A lot of shooting in the Chronicle this morning.
Our Vice President, a “practiced hunter,” is apparently incapable of aiming a gun properly, to the detriment of his hunting partner, who is now in the ICU. (“Because his condition warrants it.”) The Chronicle assures us that Harry Whittington, a prominent 78 year old lawyer from Austin, Texas, is stable and will make a full recovery, despite being showered in pellets by the Vice President. I suppose it’s sort of an honor to be shot by the administration.
For sure, hunting accidents do happen, and often with much more tragic results. The exact circumstances of the shooting are unclear–the White House claims Whittington was not following hunting protocol and as a result Cheney was unaware that Whittington was where he was. However, the Vice President is 65, and that’s getting fairly old. Most of the 65 year olds I know are pottering around the garden and hosting Sunday tea, not leading the free world and going on safari. I’ve also noticed that we haven’t heard that much about Cheney lately, unless he’s insulting people or in the hospital.
Does anyone else suspect he might be going senile?
The shooting death of a dog by Richmond police in July also made the news, in a slightly different way.
Cynthia Peters and Mark Parr had a youthful pitbull named Blu in July. During the pursuit of a suspect, Richmond police encountered Blu, who was in the yard of the apartment building where the couple and the suspect both lived at the time. Officers shot the dog. 11 times. An internal investigation approved the shooting. The couple appealed–and won.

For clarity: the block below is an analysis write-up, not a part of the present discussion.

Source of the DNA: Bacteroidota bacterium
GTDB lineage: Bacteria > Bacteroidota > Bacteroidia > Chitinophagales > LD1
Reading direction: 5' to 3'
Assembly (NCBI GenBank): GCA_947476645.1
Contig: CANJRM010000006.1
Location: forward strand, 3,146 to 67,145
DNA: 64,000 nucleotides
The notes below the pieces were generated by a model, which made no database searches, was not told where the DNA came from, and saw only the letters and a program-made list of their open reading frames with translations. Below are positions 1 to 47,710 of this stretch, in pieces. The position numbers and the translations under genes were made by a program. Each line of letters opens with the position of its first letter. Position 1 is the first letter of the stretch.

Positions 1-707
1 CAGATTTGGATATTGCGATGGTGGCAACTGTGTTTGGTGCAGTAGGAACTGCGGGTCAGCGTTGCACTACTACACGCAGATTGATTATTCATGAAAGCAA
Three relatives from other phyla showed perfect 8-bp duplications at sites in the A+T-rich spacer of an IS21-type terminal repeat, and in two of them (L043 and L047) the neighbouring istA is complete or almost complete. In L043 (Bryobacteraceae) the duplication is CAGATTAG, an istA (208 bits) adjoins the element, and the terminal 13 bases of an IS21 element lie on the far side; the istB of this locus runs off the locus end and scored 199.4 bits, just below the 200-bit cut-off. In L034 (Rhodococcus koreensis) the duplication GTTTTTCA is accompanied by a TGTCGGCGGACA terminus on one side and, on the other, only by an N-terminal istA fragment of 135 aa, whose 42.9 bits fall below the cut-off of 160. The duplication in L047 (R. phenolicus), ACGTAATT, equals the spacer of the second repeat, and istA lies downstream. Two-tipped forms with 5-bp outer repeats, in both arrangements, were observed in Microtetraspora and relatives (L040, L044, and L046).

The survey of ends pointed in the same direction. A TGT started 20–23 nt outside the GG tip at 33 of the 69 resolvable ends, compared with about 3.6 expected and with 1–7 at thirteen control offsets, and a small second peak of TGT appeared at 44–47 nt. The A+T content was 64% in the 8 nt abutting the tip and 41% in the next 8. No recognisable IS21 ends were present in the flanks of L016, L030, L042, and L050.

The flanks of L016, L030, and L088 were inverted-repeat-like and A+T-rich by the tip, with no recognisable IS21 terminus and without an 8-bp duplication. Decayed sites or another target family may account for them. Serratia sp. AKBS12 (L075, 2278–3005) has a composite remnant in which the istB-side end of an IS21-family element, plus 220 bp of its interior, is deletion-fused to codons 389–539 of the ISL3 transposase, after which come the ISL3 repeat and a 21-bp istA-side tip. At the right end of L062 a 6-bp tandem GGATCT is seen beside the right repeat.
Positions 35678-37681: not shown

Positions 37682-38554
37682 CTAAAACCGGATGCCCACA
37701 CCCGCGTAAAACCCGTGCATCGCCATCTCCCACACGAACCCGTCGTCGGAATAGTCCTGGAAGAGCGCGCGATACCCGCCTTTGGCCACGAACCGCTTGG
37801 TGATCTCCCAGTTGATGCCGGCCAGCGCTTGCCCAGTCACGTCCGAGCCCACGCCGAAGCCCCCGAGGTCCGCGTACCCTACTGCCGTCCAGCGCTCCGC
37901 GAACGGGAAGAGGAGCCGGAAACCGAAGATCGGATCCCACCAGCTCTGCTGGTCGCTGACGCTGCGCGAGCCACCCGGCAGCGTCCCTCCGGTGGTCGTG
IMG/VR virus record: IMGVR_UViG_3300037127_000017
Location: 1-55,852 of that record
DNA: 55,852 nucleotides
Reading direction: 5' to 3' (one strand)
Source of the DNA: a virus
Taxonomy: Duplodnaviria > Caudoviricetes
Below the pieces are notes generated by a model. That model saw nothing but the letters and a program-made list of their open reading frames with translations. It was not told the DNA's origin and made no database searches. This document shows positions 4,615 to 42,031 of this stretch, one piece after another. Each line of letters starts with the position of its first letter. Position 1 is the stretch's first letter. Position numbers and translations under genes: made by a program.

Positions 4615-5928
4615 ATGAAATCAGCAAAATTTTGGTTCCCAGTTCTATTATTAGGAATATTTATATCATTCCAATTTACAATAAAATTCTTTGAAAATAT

Peters and Parr claimed that the police department did not have a good working protocol in place for dealing with animal encounters. Problem dogs are an issue. Dogs can get vicious, especially when shouting clanking people in uniform are entering their space and threatening their people. Various police departments have protocols for dealing with vicious dogs, including shooting them if it is warranted. (I would prefer to see police officers trained in the use of tranquilizer guns, or perhaps a “canine” setting on the ubiquitous taser guns.) I certainly respect the needs of the police–police are supposed to be protecting people and defending the law and all that, and it’s a challenge to do that when your personal safety is being threatened. Police departments also admit that cases where it becomes necessary to shoot a pet are extremely rare. (“Your Honor, the rabbit was approaching me so rapidly, I felt I had no other choice.”) The Ninth United States District Court of Appeals ruled in 1992 that killing a pet violates the Fourth Amendment after a similar case of police entry and dog death.
The Police Chief is taking an important step–he’s asked to meet with the couple, not to discuss settling or internal investigation, but to apologize for the death of their companion. He has said that saying one is sorry is not an admittance of guilt, but that it is important. He supports the choices his officers made in July (although they weren’t his at the time, as he is a recent appointment), but he is still saddened that anyone had to die on 27 July.
Dealing with problem dogs is very difficult, and I hope that the Richmond Police Department will set up a strong training program with animal welfare organizations to defuse potentially ugly dog on human encounters. Perhaps it would set an example for other departments around the nation, and lead to positive change for pets. Dogs should be able to loaf in their yards without fear. In cases where problem dogs are shot, as is inevitable, the clear and consistent protocol in place ought to help smooth ruffled feathers all around. Police in urban areas have enough to deal with as it is–they don’t need stacks of wrongful death suits piling up, especially in a case like Blu’s where the police department lost, and now faces a hefty cash settlement.